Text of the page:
Rotom Forms

Posted December 09, 2017

Rotom is a tiny little Electric/Ghost Pokémon that is pretty adorable. It also acts as an infuriating sidekick in Generation 7 (Sun, Moon, Ultra Sun, & Ultra Moon). Rotom changes form between several different types and drastically different stats by possessing household appliances. (Yes, this is actually what it does.) There are a lot of Pokémon that change form (some of which I’ve talked about before), but Rotom was the first Pokémon I encountered that had certain moves only available in certain forms, but could also switch between forms at will.

Alolan Form Evolutions

Posted December 03, 2017

Alolan forms are one of the headline features of Generation 7 (Sun & Moon). They’re new variants of existing Pokémon that take a fresh look at those Pokémon designs. In the fiction of the games, the Alolan forms of existing Pokémon are caused by them migrating to Alola (the region in which Sun & Moon are set) from other regions, and their physiology changing in adaptation to the new environment there. In practice, Game Freak have created a bunch of new twists on existing Generation 1 (Red & Blue) Pokémon - many of them classics that longtime players will remember.

Catching Politoed

Posted November 25, 2017

Politoed, introduced in Generation 2 (Gold & Silver), is a green frog Pokémon that evolves from Poliwhirl. That evolution happens when you trade the Poliwhirl, which is a mechanic Game Freak use to encourage players to play together and make friends. Poliwhirl has a small additional wrinkle in that it needs to be holding a King’s Rock when traded in order to evolve into Politoed.

Azurill’s Gender Swap

Posted November 19, 2017

Pokémon have genders. Three to be precise: Male, Female, and Genderless. Genderless Pokémon tend to be synthetic or non-animal-based in some way (like Magnemite). Genders are used to facilitate Pokémon breeding (that and anything that can breed can breed with Ditto). Some Pokémon have visible cosmetic gender differences (like Pyroar) and the move Attract affects Pokémon of the opposite gender to the user. Those are the general properties of Pokémon gender, but there’s one specific Pokémon called Azurill that could change gender in certain situations.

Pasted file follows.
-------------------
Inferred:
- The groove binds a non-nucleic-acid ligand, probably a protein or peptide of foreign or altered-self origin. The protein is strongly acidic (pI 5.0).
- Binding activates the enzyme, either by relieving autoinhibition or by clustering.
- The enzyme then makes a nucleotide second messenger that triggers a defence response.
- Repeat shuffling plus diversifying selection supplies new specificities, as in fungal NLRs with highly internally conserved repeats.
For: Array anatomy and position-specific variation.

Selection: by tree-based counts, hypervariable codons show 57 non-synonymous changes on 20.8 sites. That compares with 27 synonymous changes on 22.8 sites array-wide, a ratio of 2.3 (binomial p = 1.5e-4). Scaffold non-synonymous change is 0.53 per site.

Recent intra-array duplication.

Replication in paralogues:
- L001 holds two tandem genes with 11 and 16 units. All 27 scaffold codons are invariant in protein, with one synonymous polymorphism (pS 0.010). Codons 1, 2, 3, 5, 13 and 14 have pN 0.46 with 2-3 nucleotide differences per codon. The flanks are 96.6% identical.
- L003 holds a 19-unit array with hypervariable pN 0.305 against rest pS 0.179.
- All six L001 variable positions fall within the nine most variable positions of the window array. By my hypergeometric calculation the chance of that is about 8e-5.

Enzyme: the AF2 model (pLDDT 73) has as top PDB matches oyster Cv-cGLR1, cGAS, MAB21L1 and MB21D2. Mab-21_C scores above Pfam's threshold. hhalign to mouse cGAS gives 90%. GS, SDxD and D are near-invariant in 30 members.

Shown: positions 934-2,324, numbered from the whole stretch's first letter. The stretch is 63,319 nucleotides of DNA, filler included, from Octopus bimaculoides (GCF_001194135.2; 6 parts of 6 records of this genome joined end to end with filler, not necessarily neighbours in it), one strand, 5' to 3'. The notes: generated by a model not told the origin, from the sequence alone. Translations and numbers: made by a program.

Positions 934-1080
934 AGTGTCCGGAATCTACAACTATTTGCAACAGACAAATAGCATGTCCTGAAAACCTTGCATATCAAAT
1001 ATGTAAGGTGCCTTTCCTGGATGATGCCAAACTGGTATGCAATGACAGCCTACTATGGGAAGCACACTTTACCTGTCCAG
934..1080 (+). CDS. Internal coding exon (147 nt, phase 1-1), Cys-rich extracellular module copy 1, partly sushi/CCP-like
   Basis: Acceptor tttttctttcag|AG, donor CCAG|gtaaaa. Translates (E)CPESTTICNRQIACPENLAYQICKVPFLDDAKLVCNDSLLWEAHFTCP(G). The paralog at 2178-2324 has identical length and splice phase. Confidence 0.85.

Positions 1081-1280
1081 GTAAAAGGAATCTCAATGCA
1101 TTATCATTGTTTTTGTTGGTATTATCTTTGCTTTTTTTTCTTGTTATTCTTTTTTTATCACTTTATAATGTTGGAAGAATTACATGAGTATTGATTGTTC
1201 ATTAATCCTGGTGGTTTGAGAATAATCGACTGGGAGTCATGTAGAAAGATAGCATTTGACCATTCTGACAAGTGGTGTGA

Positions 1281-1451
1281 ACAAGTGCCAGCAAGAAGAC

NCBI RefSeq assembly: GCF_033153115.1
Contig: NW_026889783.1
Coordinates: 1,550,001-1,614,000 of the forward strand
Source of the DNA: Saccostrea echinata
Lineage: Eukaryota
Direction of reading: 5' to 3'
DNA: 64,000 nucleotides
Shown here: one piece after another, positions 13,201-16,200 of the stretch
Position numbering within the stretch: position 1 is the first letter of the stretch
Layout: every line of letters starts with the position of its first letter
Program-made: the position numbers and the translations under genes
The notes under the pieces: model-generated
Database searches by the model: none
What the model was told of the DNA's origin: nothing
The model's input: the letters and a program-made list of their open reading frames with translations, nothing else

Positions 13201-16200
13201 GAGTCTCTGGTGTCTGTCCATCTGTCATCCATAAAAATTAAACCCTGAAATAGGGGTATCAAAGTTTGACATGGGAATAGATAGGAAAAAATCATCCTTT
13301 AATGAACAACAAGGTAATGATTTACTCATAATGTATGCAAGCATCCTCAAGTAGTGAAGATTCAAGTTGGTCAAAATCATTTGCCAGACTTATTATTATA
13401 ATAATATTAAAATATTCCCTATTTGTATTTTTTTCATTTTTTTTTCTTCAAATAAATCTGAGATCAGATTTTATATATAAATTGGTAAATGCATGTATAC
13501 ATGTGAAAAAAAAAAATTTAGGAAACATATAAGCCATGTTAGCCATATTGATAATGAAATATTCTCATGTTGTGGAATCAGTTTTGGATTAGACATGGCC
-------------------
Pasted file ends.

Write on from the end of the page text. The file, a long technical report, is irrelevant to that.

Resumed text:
Calculating a Pokémon’s HP

Posted November 11, 2017

How much HP should this Pokémon have? That depends on a lot of factors. At some level, like all other stats, the Pokémon will have a Base HP. Different species (Bulbasaur vs Arceus vs Umbreon, and all other 799 of them) have differing Base HPs. Pokémon gain HP as they level up, so a level 76 Chansey will have a lot more HP than a level 5 one.

Game Abbreviations

Posted November 04, 2017

Such a simple problem. “Which Pokémon game is this?” You would think that looking at the data for where a Pokémon learned a move, it would be obvious which game that move was learned in. Unfortunately, you would be wrong.

Z-Move Base Power

Posted October 27, 2017

Z-moves are one of the new headline features in Generation 7 (Sun & Moon). There are quite a few unique things about them compared to… pretty much every other move that’s come before. They can be used, only once per battle, to transform one of your Pokémon’s existing moves into a more powerful Z-Move, using the Z-Move instead of the original move. They’re unlocked by a special item called a Z-Crystal that the Pokémon must be holding, with one Z-Crystal available per type. (And a few that are only for specific Pokémon like Pikashunium Z for Pikachu.) They have hugely different effects based on which normal move you turn into a Z-Move.

HM05 Rock Smash and TM94 Secret Power

Posted October 20, 2017

When working to support the newly released Pokémon Sun & Moon (6 months after they came out) there were a lot of new concepts for me to wrestle with to represent the new mechanics Game Freak added in Generation 7. Things like Alolan forms and Z-Moves were the visible, big ticket items, but I ran into an unexpected little problem with two TMHMs.

Bonsly, Lucario, and Vaporeon in Generation 5

Posted October 13, 2017

Starting as I mean to continue, my first post is about how three specific Pokémon learn moves subtly and surprisingly differently from most others in Generation 5 (Pokémon Black & White and Black 2 & White 2). And by “most others” I mean “all others of the then-494 total Pokémon.”